Intel Abandons LCoS
In August, Intel revealed plans to have a next-generation high-definition video chip available by mid-winter, but two months later reversed course, citing high development costs and uncertain results. "We didn't see a return from the investment in a timely manner," Intel spokesman Bill Calder told reporters.
The LCoS project was reportedly consuming too many of the company's intellectual and financial resources at a time when it needs to focus on other technologies, such as putting multiple processors on a single chip. Intel's exit from HD imaging chips leaves Texas Instruments far out in front. TI is now several generations into its Digital Light Processing (DLP) technology.
The Intel announcement also followed a September announcement by Sears Roebuck and Co. that it had cancelled plans to carry a Brillian 65" LCoS rear-projection set. Like Philips, Brillian had encountered many problems in producing the big displays.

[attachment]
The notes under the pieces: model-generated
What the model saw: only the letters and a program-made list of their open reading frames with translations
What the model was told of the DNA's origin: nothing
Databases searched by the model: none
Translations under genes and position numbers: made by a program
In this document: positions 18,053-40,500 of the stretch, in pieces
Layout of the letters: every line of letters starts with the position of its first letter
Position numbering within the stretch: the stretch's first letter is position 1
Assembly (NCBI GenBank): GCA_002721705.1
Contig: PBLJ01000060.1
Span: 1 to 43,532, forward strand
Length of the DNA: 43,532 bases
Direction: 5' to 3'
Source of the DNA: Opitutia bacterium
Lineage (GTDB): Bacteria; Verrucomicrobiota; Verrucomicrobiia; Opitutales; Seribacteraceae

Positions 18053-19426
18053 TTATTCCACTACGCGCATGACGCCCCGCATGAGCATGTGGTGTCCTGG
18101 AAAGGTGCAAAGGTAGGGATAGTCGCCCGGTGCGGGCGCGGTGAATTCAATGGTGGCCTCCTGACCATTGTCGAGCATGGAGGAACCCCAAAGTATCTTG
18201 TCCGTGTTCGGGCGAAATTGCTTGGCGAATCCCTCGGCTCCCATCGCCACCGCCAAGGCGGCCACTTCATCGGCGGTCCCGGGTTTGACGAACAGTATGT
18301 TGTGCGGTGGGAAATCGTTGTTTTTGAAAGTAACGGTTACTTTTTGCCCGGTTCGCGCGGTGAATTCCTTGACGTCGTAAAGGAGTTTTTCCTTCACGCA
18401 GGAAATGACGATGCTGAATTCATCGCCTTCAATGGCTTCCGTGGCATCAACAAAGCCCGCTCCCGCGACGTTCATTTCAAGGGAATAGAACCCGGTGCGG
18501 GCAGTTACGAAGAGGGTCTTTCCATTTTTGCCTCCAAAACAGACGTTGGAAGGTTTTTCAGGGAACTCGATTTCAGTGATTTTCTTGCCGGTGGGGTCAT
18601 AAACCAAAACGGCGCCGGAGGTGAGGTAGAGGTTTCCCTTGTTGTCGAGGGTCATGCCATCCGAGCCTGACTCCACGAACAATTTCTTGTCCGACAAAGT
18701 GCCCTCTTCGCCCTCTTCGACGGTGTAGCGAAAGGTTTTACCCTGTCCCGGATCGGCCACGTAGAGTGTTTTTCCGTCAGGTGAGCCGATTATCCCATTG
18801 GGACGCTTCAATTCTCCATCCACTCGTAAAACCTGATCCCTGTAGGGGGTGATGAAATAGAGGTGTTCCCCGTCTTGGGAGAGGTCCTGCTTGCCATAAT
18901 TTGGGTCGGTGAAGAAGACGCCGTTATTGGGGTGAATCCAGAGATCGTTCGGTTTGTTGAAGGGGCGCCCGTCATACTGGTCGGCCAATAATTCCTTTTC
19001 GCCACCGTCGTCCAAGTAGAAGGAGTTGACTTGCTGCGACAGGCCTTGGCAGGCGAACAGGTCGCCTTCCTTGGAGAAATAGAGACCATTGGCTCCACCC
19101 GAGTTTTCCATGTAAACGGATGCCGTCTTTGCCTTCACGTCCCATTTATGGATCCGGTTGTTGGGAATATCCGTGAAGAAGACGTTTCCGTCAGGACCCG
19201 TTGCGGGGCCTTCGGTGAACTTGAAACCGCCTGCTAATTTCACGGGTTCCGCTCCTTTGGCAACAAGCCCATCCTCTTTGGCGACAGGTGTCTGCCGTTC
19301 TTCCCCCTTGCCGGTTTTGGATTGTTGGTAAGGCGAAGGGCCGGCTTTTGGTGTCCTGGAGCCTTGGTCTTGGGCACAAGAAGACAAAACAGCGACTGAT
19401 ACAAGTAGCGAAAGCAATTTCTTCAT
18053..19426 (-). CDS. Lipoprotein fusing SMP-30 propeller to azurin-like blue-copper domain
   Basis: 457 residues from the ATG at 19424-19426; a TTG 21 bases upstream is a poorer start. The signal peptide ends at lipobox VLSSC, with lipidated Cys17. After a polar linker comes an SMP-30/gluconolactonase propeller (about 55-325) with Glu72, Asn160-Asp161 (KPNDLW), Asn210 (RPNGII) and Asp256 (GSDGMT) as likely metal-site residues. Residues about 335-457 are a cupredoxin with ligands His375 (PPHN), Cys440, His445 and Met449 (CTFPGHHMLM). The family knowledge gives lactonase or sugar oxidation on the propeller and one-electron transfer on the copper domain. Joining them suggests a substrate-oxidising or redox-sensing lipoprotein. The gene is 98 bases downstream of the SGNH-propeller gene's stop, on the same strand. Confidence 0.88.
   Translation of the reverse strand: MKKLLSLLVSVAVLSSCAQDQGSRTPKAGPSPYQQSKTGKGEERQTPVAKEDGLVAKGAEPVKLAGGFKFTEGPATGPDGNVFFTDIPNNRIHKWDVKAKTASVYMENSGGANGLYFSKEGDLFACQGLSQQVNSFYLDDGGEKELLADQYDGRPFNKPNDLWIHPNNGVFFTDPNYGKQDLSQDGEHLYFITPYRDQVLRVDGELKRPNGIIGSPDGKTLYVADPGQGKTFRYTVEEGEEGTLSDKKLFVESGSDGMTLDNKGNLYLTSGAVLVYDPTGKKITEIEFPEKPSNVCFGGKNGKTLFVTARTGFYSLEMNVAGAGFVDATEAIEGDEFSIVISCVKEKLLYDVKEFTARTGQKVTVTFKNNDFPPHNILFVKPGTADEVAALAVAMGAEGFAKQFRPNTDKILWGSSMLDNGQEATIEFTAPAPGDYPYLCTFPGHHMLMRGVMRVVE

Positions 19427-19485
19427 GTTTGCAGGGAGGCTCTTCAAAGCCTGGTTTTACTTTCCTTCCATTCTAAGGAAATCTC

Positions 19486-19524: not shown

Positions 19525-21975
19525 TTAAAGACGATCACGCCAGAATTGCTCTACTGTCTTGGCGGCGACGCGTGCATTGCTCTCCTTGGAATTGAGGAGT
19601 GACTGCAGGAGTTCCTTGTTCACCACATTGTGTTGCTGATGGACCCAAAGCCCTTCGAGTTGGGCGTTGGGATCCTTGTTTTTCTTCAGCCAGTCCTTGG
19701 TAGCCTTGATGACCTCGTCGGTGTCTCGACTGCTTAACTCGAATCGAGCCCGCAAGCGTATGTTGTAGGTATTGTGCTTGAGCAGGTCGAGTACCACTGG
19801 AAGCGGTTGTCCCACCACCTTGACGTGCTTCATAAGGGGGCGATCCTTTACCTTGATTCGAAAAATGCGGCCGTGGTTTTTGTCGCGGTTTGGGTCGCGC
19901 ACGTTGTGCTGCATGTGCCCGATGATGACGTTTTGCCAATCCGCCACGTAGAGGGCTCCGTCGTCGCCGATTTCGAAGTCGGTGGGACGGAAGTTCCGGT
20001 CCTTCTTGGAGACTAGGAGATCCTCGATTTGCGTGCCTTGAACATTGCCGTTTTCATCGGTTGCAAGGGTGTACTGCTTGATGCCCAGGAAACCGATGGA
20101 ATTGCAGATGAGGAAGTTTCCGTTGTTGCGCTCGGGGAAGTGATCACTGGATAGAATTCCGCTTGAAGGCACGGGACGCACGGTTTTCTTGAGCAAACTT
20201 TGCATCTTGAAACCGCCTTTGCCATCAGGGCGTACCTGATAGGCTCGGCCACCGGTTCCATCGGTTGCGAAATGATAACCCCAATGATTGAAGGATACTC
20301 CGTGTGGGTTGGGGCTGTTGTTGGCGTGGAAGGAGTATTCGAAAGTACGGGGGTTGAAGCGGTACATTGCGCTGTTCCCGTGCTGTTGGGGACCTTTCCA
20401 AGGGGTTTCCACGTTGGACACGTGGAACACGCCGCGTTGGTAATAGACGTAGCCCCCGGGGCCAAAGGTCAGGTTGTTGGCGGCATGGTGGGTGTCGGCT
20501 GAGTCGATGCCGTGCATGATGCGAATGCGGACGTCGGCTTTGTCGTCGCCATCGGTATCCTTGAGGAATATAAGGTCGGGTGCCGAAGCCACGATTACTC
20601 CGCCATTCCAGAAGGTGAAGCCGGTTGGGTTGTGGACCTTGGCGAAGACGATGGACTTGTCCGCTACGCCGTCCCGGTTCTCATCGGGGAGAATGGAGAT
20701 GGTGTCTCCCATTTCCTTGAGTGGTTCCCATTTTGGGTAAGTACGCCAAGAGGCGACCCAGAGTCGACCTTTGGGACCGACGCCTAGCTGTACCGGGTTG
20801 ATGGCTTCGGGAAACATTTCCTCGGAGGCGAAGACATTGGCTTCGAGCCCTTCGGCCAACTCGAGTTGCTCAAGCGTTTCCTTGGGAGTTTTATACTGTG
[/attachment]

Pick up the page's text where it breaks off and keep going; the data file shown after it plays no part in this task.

LCoS startups have been plagued with problems, an unfortunate situation in light of a recent study by Quixel Research indicating that most consumers prefer 50" microdisplay-based RPTVs over 42" plasma screens at the $2000 price point. Taken at three US Best Buy stores during the summer of 2004, the survey found that most video fans prefer screens larger than 40", and have room to accommodate RPTVs, which occupy more floor space than flat-panel displays do. Philips' big LCoS sets are about 16" deep, for example.
Consumers interviewed by Quixel researchers compared the latest video technologies—plasma and LCD, front projectors, and microdisplay RPTVs—and 56% said that even though they preferred the flat panels, the larger screen size of RPTVs made them more attractive buys at the theoretical $2000 level. Most respondents said that front projectors were best for viewing movies, but not for watching TV. They also cited difficulties in placing projectors in their homes as reasons for preferring other technologies.